One of the best things I’ve ever done to improve myself is become a better chooser. The green or red shirt? Bam, picked one. Omelette or scramble? Pow, order requested. Coffee or tea? Well… you get the picture. This wasn’t always the case for me. I used to pour over a dinner menu, looking at nearby tables trying to approximate what they ordered and if they were satisfied. Mere moments after the waiter turned their back to the table, I’d begin second guessing my choice.
This was curtailed after reading one single book. About 7 years ago, I purchased The Paradox of Choice: Why More Is Less by Barry Schwartz for a loved one. The first few pages were so compelling, that I ended up reading the whole book before wrapping it. It’s not often that a book has such an immediate impact on my life, but it played right to my analytical mind.
At a high level, our brains did not develop in a way that prepared us for the sheer volume of choices we face today. The paradox being that while we think more choice is the path to happiness, it is, in fact, the opposite. During the selection process, there is much anxiety. Immediately after choosing, a whole other flood of emotions arrives. After a while of this pattern, there can even be an other set of emotions that precede needing to make a choice.
Though there are several areas of my life that were improved by this, such as clothes shopping, ordering food at a restaurant stands out. One of the reasons most people go out to eat is to relax with friends or family and avoid cooking at home. So it’s odd that the meal selections process is so fraught with tension. Nowadays, when I’m seated in front of a menu, I scan all the sections and pick two things that I’ll enjoy. When the server arrives, I’ll pick one and be done with it. I don’t experience much “buyers remorse” because I’ve slimmed my options down to two.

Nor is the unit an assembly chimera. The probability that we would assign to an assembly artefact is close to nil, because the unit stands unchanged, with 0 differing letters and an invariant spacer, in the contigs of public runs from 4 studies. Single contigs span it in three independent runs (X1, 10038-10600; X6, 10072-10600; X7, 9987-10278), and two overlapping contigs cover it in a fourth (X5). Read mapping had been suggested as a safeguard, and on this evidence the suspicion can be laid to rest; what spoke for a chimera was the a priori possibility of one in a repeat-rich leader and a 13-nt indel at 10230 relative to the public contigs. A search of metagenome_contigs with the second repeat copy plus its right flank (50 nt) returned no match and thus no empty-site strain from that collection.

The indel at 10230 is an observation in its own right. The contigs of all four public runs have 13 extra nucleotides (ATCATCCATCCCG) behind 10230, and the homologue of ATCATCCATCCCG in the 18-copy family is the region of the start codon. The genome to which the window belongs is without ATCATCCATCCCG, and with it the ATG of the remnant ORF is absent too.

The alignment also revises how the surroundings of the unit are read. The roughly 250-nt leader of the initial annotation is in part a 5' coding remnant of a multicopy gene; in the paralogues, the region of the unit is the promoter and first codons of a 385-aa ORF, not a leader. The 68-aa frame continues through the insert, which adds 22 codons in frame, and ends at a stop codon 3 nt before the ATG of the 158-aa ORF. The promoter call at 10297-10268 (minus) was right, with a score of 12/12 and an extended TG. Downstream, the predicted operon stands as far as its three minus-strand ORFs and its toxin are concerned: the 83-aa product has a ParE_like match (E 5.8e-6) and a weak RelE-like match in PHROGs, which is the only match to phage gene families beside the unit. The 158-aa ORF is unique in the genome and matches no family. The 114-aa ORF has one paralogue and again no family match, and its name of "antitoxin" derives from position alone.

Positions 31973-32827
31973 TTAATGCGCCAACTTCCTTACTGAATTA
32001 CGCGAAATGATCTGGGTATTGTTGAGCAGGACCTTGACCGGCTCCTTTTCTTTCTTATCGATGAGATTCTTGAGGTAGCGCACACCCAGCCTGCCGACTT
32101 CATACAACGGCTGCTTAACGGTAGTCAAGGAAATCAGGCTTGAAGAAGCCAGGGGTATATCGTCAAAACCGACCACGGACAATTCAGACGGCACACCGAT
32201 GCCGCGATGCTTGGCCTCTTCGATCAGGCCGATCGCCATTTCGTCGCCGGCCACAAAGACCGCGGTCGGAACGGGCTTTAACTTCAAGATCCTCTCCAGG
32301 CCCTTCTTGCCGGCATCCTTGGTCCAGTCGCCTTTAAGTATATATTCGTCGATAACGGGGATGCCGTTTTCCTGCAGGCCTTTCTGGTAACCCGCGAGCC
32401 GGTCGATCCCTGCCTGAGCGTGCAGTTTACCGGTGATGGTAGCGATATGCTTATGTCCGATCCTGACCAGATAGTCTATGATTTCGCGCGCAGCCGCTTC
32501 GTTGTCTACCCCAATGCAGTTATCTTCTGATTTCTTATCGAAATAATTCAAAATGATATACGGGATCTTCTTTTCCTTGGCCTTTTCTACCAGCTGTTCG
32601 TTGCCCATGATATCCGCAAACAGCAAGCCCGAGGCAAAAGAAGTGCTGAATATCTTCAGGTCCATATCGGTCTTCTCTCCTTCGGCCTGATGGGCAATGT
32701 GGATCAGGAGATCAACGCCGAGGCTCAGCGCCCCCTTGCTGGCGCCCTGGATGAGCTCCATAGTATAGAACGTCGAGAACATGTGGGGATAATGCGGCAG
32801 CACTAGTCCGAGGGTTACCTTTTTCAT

This topic resurfaced for me because I’ve recently started a weekly tradition of taking an hour and getting lunch out by myself. My restaurant of choice is a vegan Tibetan restaurant. They keep it simple, as though you’re getting a meal in a Tibetan temple. Every day there is a new menu, following the same themes. You order either a medium or large plate1. All plates come with a bean/lentil soup to start. Tea and water are available for self service. There is also beer, wine and desserts. That’s it.
Last weekend I found myself enjoying a medium plate and cup of Kukicha Twig tea when an older couple came into the restaurant. The man working the front of house knows that this is an atypical dining experience, so he explained the system. Once he was done with the run down, the couple immediately asked, “Can I get it without the soup and extra greens?” The employee explained that yes, but the extra greens would cost more. “And what about this unseasoned plate,” she asked? He told her that it was like the normal meal, but with no seasoning.
“Should we get a medium or large plate to split between the two of us?”
“What is your wine selection? Do you have beer?”
“Is there more seating out back or is this it?”
The questions kept pouring from the diners and the patient server answered all of them in stride. It was clear that they meant no harm. The reason it stood out is a majority of people enter the restaurant, say hello and request “2 medium” or “1 large, thanks.” Even in a restaurant that has pared down the potential options, people do everything they can dive head first into the paradox of choice.
- 1.There is also a smaller, unseasoned plate for those who are spice averse. ↩